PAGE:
Nikkei closes down, breaking 4-day winning streak

10:09, November 13, 2009      

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Japan's 225-issue Nikkei Stock Average fell 0.7 percent Thursday as losses by shipping line Nippon Yusen K.K. following share issuance plans, sparked concerns in the industry. Ebara Corp. and Takeda Pharmaceutical Co. were also significant drags on markets of which the key Nikkei benchmark closed down 67.19 points from Wednesday to 9,804.49.

The broader Topix index of all First Section issues on the Tokyo Stock Exchange was down 4.59 points to 867.70.

Nippon Yusen K.K. Japan's biggest shipping line plans to raise 142.5 billion yen (U.S. 1.6 billion dollars) to help pay for new vessels by offering as many as 460 million new shares, it said in a statement Thursday.

Nippon Yusen's sale would be the largest offering of new shares by a shipping line since China Shipping Container Lines Co. raised U.S. 2.1 billion dollars selling shares in Shanghai in December 2007.

Thursday's announcement has caused industry-wide concerns that other shipping firms will follow suit.

"There is a concern whether the company will be able to improve efficiency with more ships. It seems like there is an excess capacity of vessels in the shipping industry," said Satoshi Yuuzaki, an analyst at Takagi Securities Co.

Nippon Yusen K.K. slumped 4 percent to 314 yen, with overall losses in the region of 42 percent for the year. Japanese shipping counterpart Kawasaki Kisen K.K. also ended in negative territory plunging 6.1 percent to 310 yen.

Ebara Corp, maker of environmental and industrial machinery, plummeted 9.41 percent, the biggest loss on the Nikkei Thursday, to close at 366 yen. Alps Electric Co. Ltd. also saw heavy loses Thursday, relinquishing 9.3 percent to 517 yen, after the maker of electronics for cars forecast worse-than-expected annual losses.

Japan's pharmaceutical industry also dragged on markets today with Takeda Pharmaceutical Co dropping 1.4 percent to 3,530 yen after reports said a government advisory committee had recommended cutting drug costs to trim medical expenses. Daiichi Sankyo Co. Ltd. also ended in negative territory, down 1.63 percent to 1690 yen.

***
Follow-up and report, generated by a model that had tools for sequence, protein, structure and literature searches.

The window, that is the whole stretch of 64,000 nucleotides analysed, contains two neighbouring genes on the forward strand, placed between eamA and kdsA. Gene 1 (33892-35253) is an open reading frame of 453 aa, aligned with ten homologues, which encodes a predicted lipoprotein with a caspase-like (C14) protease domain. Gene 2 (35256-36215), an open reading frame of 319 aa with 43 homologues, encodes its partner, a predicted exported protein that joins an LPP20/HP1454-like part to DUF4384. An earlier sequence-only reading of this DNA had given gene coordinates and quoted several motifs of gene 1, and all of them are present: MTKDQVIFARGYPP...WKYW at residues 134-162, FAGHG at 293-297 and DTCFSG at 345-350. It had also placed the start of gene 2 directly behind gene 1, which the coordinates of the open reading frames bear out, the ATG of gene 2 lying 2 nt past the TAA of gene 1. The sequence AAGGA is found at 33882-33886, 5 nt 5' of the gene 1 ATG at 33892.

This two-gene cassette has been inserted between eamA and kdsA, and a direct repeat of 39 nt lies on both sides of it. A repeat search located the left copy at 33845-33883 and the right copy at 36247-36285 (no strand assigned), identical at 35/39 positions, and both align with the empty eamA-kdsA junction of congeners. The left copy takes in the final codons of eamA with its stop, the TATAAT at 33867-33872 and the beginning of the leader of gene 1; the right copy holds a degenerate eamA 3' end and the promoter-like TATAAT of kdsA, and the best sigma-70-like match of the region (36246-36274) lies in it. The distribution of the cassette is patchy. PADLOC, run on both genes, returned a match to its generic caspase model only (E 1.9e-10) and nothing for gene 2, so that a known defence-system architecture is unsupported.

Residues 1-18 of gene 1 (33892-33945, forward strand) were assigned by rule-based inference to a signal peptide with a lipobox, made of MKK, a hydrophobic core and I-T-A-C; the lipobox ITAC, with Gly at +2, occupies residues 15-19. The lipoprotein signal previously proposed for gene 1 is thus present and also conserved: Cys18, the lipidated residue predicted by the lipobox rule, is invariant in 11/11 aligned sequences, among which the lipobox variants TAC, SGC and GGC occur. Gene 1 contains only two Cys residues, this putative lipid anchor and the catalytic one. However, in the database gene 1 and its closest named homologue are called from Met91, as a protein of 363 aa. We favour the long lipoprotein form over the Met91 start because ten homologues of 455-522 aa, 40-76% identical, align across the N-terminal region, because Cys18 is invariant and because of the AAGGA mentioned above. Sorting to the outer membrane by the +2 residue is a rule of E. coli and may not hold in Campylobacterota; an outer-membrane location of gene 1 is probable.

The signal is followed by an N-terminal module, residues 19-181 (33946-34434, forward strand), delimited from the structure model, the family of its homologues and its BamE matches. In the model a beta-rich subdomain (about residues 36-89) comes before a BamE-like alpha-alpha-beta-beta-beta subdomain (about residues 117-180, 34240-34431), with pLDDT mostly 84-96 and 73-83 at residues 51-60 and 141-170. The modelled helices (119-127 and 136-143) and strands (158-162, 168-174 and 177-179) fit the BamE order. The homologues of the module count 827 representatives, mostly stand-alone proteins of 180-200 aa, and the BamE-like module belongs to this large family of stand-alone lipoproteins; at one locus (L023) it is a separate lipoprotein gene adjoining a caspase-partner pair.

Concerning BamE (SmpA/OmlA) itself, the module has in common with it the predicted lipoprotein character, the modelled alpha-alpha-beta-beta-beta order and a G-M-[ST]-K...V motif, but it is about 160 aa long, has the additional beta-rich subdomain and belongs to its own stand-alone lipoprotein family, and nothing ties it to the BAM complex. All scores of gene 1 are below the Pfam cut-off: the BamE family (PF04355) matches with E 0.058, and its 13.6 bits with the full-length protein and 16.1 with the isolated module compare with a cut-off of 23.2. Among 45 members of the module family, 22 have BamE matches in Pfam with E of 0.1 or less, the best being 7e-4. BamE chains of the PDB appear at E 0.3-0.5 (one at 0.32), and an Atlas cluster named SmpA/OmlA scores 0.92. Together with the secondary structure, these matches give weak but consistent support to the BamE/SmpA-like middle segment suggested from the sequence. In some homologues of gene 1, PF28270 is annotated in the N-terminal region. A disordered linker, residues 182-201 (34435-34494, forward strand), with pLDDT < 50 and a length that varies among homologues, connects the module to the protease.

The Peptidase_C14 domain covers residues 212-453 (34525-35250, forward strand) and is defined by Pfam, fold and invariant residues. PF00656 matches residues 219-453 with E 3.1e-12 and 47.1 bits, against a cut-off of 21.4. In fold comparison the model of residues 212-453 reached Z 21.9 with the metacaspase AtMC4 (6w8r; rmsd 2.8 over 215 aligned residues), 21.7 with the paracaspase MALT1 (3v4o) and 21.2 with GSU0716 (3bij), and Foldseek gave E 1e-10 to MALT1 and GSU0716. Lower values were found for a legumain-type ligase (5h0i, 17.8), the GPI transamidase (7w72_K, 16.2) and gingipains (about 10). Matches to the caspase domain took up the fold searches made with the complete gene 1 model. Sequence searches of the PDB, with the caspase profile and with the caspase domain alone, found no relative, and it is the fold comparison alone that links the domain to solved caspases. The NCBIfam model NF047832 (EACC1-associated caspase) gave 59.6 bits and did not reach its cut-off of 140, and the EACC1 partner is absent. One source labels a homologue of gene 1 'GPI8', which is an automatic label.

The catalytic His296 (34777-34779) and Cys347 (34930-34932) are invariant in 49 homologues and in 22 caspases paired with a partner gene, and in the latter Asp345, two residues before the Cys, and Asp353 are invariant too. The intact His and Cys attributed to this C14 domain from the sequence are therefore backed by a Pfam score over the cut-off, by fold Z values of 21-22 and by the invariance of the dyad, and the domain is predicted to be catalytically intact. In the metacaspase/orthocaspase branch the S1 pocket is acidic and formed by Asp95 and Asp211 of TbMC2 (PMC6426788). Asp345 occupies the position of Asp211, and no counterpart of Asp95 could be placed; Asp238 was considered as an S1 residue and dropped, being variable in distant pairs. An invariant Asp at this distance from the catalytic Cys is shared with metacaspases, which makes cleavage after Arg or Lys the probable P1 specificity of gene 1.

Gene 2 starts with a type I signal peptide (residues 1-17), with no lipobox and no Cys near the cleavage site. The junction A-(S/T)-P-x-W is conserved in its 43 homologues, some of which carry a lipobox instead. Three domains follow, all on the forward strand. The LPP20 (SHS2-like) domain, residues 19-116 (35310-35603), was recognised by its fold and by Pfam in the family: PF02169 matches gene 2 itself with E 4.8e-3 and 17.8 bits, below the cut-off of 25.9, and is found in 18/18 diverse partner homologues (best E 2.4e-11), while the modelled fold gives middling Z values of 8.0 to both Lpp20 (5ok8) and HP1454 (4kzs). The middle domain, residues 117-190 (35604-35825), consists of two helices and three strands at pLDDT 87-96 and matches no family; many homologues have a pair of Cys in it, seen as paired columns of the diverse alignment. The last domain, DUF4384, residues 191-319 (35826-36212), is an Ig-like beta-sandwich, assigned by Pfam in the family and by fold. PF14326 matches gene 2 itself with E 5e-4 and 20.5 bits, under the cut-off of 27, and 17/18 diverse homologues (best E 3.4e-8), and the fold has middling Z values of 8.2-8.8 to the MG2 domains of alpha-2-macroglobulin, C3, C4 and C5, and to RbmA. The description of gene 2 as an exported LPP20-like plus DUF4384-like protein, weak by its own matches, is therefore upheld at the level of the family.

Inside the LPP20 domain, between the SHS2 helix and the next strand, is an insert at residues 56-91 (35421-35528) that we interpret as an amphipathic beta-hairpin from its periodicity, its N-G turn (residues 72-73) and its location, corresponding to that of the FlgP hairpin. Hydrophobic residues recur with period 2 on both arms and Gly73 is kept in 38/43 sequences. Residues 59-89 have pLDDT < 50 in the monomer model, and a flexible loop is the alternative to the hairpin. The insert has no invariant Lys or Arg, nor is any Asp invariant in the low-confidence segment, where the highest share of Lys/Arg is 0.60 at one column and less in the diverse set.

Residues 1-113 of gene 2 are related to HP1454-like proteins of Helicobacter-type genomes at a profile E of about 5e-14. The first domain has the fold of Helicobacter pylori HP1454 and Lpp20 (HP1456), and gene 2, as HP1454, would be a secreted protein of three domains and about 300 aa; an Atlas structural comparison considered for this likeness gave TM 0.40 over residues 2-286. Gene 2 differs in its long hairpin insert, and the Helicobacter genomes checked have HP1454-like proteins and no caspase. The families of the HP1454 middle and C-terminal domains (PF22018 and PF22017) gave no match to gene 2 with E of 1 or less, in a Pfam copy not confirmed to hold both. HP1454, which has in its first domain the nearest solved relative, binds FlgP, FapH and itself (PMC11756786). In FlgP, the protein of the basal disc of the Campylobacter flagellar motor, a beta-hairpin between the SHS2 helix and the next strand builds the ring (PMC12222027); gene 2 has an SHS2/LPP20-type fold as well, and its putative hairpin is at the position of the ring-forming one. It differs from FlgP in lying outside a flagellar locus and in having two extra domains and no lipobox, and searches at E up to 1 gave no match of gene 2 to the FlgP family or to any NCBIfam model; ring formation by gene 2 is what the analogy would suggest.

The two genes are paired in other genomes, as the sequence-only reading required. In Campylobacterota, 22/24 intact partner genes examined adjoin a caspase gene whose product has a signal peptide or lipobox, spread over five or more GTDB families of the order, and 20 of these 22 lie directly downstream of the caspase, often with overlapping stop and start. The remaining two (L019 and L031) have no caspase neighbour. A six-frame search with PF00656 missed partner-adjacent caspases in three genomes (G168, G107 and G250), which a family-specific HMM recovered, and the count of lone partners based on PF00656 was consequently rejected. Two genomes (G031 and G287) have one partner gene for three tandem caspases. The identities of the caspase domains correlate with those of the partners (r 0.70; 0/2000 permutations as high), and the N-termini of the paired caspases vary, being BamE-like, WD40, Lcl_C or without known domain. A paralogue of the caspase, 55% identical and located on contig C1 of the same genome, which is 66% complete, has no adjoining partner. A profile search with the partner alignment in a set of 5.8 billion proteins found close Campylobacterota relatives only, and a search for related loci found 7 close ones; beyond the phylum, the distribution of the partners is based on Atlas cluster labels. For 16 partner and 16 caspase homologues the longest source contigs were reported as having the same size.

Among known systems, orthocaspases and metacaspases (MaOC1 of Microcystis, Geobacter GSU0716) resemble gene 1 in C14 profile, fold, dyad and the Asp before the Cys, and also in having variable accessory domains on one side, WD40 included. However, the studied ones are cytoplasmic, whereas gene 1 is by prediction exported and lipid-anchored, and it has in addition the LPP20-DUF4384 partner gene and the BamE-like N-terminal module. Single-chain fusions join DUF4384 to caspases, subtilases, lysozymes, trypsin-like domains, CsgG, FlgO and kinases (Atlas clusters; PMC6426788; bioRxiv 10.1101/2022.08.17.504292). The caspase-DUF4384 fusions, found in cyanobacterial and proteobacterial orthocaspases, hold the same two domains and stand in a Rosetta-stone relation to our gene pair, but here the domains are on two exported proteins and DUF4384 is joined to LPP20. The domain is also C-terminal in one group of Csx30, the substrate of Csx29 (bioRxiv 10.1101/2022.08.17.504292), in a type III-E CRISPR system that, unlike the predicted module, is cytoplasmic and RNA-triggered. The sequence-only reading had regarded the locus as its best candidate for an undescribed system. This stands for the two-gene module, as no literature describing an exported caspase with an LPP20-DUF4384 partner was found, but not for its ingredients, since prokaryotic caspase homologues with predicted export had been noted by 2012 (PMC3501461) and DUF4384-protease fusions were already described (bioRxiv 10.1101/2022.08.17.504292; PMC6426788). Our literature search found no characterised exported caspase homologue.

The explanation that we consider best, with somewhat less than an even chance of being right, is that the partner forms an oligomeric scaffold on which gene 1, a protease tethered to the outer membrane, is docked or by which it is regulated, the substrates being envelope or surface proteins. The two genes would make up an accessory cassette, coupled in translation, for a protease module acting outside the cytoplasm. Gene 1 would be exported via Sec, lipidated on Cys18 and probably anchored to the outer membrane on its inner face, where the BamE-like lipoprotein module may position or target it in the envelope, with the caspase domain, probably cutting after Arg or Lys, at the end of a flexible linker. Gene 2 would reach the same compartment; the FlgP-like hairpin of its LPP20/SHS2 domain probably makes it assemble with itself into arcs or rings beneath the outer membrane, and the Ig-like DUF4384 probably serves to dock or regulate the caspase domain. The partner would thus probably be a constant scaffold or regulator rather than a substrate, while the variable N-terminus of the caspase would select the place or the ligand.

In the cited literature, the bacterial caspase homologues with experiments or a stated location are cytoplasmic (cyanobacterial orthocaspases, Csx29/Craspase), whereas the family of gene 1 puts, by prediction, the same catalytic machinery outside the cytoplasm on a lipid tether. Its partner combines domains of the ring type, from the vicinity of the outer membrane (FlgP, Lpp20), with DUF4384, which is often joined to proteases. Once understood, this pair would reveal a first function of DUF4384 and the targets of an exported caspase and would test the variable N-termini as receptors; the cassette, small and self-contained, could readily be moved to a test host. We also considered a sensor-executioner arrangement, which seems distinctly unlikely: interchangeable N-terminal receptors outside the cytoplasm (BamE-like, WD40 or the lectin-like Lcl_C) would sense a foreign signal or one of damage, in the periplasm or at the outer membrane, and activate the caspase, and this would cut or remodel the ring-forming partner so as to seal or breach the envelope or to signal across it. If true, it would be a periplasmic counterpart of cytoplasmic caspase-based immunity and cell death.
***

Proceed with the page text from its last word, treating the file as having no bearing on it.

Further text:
FamilyMart Co., Japan's third-largest convenience store operator, rose 1.6 percent following claims the company was in talks to buy smaller rival am/pm Japan Co. Reports have stated that FamilyMart Co. and Itochu Corp. may spend as much as 10 billion yen (U.S. 111 million dollars) to acquire all shares from am/pm's parent company Rex Holdings Co.

Carmakers rose after Goldman Sachs raised ratings on Fuji Heavy Industries, maker of Subaru cars, to "buy" from "neutral" and added that Honda Motor Co. was also rated at "buy".

Honda Motor Co. saw gains of 1.75 percent to close at 2,905 yen, whilst Toyota Motor Corp. rose 2.62 percent to close at 3,520 yen. Nissan Motor Co. was also up, closing the day with advances of 1.38 percent to 662 yen.

In diversified financial sectors Sumitomo Mitsui Financial Group Inc. crept up 0.62 percent to 3,220 yen, whilst Mitsubishi UFJ Financial Group Inc. gained 0.39 percent to 512 yen.

"While investor risk tolerance seems healthy around the world, Tokyo shares have failed to capitalize on that, possibly due to factors such as policy uncertainty including concerns about the government's fiscal policy. Investors seem to be bypassing Japanese shares and moves in Japanese shares are now dominated by investors trading based on factors specific to individual shares," said Nagayuki Yamagishi, an investment strategist at Mitsubishi UFJ Securities.

Trade was moderate Thursday, with 1.8 billion shares changing hands on the Tokyo exchange's First section, comparative to last week's daily average.

Declining shares outnumbered advancing ones by nearly 5 to 1.

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